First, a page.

The study protocol was approved by the Institutional Ethics Committee and written informed consent was obtained from all subjects. 

Statistical analysis:
All data was abstracted on a standardized data collection form. Data was analysed using SPSS software, version 21.0 (SPSS Inc., Chicago, USA). Continuous variables were presented as mean ± standard deviation (SD) for normally distributed data compared using Student’s t-test. Spearman’s correlation and coefficient and One-way ANOVA was also utilized for analysis. A P value <0.05 was regarded as being statistically significant.

Results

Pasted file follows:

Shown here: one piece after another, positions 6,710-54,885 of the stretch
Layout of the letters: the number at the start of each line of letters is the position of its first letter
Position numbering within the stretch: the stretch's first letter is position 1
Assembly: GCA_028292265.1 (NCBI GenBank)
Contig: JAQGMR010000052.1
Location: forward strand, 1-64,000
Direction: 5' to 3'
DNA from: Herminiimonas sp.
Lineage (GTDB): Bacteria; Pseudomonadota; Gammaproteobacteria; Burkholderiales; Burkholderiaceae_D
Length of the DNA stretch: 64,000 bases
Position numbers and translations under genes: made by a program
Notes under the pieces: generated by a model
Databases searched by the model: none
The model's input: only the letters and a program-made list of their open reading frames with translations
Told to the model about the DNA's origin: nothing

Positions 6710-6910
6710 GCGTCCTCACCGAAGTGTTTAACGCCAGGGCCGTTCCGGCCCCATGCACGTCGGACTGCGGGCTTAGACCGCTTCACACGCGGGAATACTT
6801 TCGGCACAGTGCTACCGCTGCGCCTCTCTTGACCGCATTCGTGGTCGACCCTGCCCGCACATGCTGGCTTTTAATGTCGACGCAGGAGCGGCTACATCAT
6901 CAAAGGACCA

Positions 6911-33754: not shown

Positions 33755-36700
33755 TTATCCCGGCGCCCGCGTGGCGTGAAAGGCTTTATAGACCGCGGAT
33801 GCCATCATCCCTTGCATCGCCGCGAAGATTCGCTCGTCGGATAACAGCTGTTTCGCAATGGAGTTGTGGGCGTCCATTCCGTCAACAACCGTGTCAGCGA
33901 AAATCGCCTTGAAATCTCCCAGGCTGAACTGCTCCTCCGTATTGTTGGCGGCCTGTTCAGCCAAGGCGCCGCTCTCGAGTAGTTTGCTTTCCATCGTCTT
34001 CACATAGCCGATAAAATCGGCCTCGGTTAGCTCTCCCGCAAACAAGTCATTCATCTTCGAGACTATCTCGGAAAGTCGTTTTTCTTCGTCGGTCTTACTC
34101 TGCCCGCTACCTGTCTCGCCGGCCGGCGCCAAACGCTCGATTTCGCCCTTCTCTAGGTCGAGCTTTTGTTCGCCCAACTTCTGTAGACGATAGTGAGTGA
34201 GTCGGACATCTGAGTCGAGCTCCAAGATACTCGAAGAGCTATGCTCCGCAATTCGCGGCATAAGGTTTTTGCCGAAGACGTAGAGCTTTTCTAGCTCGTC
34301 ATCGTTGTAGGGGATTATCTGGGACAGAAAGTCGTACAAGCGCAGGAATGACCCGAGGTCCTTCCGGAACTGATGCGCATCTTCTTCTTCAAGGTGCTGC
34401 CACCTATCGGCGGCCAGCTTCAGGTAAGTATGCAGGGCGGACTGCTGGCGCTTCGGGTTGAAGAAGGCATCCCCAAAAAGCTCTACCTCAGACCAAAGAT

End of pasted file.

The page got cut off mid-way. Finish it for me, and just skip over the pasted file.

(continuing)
Overall 30 patients diagnosed as having type II DM and 30 control subjects were investigated. The study participants did not differ from each other with respect to their mean age as indicated in Table 1. As shown in Table 2 & 3 depicting comparison of VEP parameters in the right eyes and left eye of patients and controls, except N70 Latency of LE, there was a statistically significant difference between diabetic subjects and controls in terms of all the PRVEP parameters of both the eyes(P<0.001). The pathological VEP was recorded as significant prolongation of P100 latency and significant lower amplitude in diabetic patients compared to control group. A significant difference between the latencies from both eyes was observed in 20% cases. The mean N70 Latencies in the right & left eyes among the two groups have been graphically represented in Figure 1. The mean P100 Latencies in the right & left eyes among the two groups have been represented in Figure 2. The mean N155 Latencies in the right & left eyes among the two groups have been represented in the Figure 3. The mean P100 amplitude in the right & left eyes among the two groups have been graphically represented in the Figure 4. Spearman’s test revealed no statistically significant correlation between abnormal VEP wave amplitude or latencies, and level of glycemia, and the duration of diabetes mellitus. One-way ANOVA was used to test significant differences between the three groups namely diabetics with diabetic retinopathy (DR), diabetics without DR and controls. Their comparative analysis of left and right VEP parameters is shown in Tables 4 and 5. Differences between diabetics with and without DR was statistically significant in terms of P100 and N155 latencies and P100 amplitude (P<0.001) with the exception of N70 latency.